The Messeturm in Frankfurt am Main was completed in 1991 and is the second-tallest building in Germany. The lobby at ground floor level has been revamped to a design by architect Helmut Jahn working with Matteo Thun & Partners. The work involved both aesthetic and energy efficiency upgrades. Engineers from the Werner Sobek practice cooperated in the design of the façade with its 17m high insulating glass units. Unique to this project are the panes of insulating glass bent to a radius of 24m. Flat panes arranged in polygonal form was ruled out, which meant that every pane had to be bent with a certain curvature.
seele’s team of designers, engineers, logistics specialists and erection crews developed the steel-and-glass elements in just seven months prior to work commencing on site. “All our experience with oversize panes gained over the past 15 years was called upon for the Messeturm project. The result is a complete package involving the design, logistics and erection for these 17m high panes in the heart of the city – all from one supplier,” says Doris Erdt, Senior Design Manager at seele GmbH.
Bent insulating glass units
The special feature of this design is that the façade essentially consists of only a few parts: just nine panes and ten posts on each side of the tower. There are no horizontal members interrupting the glass, which helps to create lightness and transparency despite the dimensions. Owing to the huge size, each pane requires special bearings and must be held in place with glazing bars. The cold-bent insulating glass units measure approx. 17 x 2.8m, are approx. 71mm thick overall and are supported by stainless steel posts weighing approx. 3.5t each. With its solar-control coating on level 4 to reduce solar heat gains, the insulating glass therefore combines aesthetic and functional criteria.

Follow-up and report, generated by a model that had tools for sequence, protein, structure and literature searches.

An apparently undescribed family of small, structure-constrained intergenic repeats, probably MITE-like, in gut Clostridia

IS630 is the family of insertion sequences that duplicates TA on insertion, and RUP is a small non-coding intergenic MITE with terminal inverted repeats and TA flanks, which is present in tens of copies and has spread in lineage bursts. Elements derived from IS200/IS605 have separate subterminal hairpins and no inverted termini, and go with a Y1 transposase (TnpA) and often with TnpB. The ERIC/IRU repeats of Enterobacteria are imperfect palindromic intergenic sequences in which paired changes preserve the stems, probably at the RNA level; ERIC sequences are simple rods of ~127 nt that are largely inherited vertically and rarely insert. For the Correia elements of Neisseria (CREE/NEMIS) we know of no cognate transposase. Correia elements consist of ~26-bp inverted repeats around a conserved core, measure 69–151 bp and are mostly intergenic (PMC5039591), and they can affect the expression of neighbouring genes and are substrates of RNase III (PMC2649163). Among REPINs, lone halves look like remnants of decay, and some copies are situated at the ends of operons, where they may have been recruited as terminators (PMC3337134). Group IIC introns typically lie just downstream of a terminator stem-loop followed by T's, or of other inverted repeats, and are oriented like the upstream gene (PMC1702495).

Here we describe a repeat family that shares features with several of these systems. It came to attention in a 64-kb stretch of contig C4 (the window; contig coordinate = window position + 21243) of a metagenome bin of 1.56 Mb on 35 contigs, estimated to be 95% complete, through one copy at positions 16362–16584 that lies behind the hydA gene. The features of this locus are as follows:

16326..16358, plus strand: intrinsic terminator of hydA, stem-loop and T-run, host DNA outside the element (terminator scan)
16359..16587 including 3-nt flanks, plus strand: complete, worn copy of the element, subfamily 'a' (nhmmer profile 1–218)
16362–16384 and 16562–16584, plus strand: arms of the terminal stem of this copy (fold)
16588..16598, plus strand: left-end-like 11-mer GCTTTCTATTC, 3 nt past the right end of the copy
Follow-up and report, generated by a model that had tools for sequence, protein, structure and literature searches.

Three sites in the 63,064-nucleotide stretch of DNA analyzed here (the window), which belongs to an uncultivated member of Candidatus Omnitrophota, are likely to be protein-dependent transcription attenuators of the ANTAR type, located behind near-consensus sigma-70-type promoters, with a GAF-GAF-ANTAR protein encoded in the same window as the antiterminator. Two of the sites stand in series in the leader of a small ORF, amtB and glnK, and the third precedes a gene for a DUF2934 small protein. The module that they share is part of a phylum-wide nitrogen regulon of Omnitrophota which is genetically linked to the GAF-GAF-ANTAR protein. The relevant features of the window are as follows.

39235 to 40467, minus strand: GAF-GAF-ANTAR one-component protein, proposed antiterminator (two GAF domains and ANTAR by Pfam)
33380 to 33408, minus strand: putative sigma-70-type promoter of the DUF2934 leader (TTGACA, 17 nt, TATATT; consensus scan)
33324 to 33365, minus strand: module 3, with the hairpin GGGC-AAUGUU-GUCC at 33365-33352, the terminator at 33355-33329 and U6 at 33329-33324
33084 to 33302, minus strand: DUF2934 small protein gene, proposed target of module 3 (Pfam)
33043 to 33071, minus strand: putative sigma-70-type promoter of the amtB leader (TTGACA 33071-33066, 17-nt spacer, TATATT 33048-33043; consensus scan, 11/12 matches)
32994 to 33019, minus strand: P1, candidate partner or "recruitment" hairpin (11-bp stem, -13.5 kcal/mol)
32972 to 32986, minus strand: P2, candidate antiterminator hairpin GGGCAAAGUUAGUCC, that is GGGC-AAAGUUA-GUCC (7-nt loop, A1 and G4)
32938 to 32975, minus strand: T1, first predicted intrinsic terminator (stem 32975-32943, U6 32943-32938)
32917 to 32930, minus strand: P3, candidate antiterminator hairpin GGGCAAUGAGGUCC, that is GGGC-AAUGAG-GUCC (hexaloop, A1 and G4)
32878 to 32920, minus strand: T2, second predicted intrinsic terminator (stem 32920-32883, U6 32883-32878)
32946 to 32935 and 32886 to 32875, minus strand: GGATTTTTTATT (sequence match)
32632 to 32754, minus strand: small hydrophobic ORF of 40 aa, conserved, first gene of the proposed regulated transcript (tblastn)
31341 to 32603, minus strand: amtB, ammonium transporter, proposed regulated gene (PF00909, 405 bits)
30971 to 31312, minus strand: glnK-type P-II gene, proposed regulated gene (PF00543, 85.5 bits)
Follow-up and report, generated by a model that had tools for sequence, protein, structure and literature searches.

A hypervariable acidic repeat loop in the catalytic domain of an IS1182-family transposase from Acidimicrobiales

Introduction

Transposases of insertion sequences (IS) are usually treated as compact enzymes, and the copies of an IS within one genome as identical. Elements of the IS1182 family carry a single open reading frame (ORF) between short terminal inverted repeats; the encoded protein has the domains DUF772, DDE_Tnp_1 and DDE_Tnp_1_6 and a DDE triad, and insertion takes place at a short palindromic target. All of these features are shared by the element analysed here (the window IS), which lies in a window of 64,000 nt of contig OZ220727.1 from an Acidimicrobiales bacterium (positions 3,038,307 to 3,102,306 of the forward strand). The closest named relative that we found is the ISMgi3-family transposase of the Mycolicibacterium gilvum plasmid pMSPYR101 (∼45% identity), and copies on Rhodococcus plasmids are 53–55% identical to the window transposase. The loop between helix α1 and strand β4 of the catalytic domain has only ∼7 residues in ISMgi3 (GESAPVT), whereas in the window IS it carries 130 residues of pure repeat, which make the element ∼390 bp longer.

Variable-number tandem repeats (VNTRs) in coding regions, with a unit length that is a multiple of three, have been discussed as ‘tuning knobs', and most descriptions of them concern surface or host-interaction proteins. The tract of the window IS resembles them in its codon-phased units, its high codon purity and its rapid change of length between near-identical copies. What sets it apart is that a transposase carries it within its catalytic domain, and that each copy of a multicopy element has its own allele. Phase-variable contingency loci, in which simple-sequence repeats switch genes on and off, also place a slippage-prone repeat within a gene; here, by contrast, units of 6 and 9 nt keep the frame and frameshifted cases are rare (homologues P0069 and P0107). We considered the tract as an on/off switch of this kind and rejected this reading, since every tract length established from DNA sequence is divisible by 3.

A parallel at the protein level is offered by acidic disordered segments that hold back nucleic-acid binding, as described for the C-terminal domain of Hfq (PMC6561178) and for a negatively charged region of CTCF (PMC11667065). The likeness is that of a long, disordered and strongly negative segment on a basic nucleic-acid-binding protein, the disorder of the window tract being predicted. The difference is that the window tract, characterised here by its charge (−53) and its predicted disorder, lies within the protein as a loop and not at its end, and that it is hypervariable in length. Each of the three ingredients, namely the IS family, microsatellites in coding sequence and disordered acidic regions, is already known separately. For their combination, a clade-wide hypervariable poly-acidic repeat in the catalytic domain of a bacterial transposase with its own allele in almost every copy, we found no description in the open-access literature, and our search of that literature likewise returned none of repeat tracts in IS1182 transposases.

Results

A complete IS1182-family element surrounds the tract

Slender stainless steel posts
Another feature of the design are the 17m high slender stainless steel posts that hold the insulating glass units (each weighing approx. 6t) in position. Each post is fabricated from three parts that are factory-welded seamlessly together to form a post that is not only trapezoidal in section, but also tapers towards the top and base. This shape ensures a particularly elegant appearance. But they also loadbearing. That is a real challenge during handling in production and on site. To transport the posts to the site without any problems, seele designed a special cradle for the HGVs and a lifting apparatus so that the slender posts could be positioned without deforming.
Challenging logistics and erection concept
The tight schedule, city-centre location and cramped site conditions called for a perfectly coordinated logistics and erection concept from seele. Specially adapted inloader frames were used to transport the 17m high panes safely. On site, the extra-long HGVs had to be manoeuvred with millimetre accuracy as the space available was very limited. Great care was also needed when operating the special glass lifting apparatus with its 90 or so suction cups for lifting the approx. 6t panes off the trucks and into position.
“Everything had to work well together in this erection concept – people, equipment and nature. We plan every detail very precisely in advance and take account of all aspects that affect erection; wind, temperature and humidity are all crucial aspects during construction work. With its many years of experience on sites all around the world, from San Francisco to Sydney, seele’s well-rehearsed team is aware of the challenges,” explains Dirk Herrmann, Head of Erection at seele GmbH.